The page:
In Shawn Achor’s latest book, Big Potential, he starts off with a story of lightning bugs in the mangroves of Southeast Asia.  This particular variation of lightning bug (Photinus Carolinus) synchronize their flashes to increase the likelihood of finding a mate.  Flashing alone, fireflies have a 3% chance of finding a mate, but by synchronizing, that probability rises to an astonishing 82%.  This is a simple example of how nature understands that working together collectively and collaboratively leads to greater combined success of the group and the individual.  This same phenomenon can enhance individual performance in organizations through collaboration that drives mutual success leading to personal growth.

By the way, in nature, this also causes a spectacular sight when the entire forest lights up at the same time with the lightening bug synchronization.

While, in this instance, nature figured out that collaboration produces better results than competition, it is counter intuitive to our beliefs or how we are raised that this could be possible for humans.  We continue to believe that we need to shine above everyone else to gain the spotlight.  This belief starts early in our lives and has been around for generations; however, it has been proven, through studies, that over time this obsession with being #1 has strengthened and has had a negative impact on true cooperation and ultimately both personal and organizational performance.

Companies continue to maintain “cooperation”, “collaboration” and “team work” in their corporate values slides; however, establish measurements that are counter to these statements.  For instance, it is very common for a challenge to be created along the lines of “the first team to achieve $100M in revenue receives a special bonus”.  On the surface, this may seem like friendly competition to drive both teams to strive harder to reach the $100M target.  But what if by cooperating the teams could have achieved $200M more quickly or even $250M by identifying additional synergies?

Throughout my career, I have seen examples on both sides of this equation – individualism undermining potential success and true collaboration driving greater success.  While maybe not flashing in 100% synchronization as the Southeast Asia lightning bugs, the teams operate toward common success and support the value of team strength.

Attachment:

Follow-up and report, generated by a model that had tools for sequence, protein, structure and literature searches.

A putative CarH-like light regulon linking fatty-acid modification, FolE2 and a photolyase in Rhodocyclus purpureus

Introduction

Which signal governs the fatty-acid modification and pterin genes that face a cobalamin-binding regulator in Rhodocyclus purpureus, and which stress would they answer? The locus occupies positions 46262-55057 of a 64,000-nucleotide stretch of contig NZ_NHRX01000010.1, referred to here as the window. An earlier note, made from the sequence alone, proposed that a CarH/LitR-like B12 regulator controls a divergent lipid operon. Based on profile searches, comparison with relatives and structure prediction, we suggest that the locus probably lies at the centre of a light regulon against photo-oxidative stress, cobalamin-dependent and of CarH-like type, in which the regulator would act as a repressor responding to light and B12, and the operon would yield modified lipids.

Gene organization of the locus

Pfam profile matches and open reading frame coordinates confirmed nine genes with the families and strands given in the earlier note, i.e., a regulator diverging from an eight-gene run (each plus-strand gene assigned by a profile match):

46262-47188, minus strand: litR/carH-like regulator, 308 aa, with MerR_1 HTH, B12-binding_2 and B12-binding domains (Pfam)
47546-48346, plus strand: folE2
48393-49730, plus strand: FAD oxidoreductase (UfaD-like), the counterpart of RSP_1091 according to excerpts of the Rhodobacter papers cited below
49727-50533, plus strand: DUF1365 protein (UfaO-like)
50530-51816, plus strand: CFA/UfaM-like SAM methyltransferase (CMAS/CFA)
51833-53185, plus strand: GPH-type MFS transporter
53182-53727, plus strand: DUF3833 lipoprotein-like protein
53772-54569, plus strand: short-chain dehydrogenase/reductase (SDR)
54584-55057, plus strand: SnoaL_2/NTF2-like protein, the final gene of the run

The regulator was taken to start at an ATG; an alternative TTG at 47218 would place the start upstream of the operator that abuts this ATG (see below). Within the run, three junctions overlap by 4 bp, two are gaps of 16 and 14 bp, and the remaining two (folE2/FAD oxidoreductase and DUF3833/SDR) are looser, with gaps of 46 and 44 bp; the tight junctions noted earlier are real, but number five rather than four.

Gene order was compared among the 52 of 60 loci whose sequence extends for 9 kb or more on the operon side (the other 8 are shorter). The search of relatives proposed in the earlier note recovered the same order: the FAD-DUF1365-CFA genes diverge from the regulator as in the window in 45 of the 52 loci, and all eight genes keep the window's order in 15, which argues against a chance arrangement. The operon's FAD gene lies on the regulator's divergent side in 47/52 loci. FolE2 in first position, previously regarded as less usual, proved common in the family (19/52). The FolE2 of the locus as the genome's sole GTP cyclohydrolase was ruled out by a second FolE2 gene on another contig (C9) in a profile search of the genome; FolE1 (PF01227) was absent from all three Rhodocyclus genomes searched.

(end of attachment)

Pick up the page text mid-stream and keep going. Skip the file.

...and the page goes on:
In one instance, I was lucky enough to be part of an organization that grew revenues 7X in 4 years.  Additionally, we went from operating at a loss to significant operating margins.  While there were many reasons for this growth – great people, strong market and a leading product, other regions had many of these same elements, but lacked the level of collaboration that we created in our region.  While the corporate culture was more cut throat, we were lucky enough to be a remote region and isolated from that divisive atmosphere.  We knew that we wanted to deliver the highest corporate results, what we often referred to as “big bags of cash” to corporate (in the form of operating margin), and we had our style to drive that success.  Being in the Americas region and part of a UK based company, we were considered “cowboys”.

Our team was built with diverse core capabilities that could operate in unison to continue to deliver sustainable successful weeks, months and quarters.  4 key elements of the culture we built were –

  • Respect – the foundational core value that everything else layered on was respect. We listened to each other’s inputs, exchanged ideas and accepted constructive advice for improvement. Once organizations lose respect within their teams, the core will begin to crumble and put it in a downward spiral.
  • Commitment – each member of the team was committed to achieving our greater purpose and ended up with seeing significant opportunities for their personal growth. The team also experienced personal joy of collaborating.
  • Team Results – by setting a collective team target, made up of a combination of the individual goals with clear responsibilities, the team worked together. Even if an individual focused solely on achieving their personal targets, they may achieve that particular goal, but wouldn’t be specifically recognized until the collective target was achieved.
  • Accountability – as we worked toward the team targets/goals, there was a level of holding each other accountable as well as ourselves individually. Based on having a core value of respect, this was managed in a professional manner, but the reality was that everyone wanted to perform to support the team.

As you build out the culture of your company and team, remember the phenomenal increase in success that the lightning bugs in the mangroves of Southeast Asia achieved by collaborating and operating in unison.  I know you will see significant results.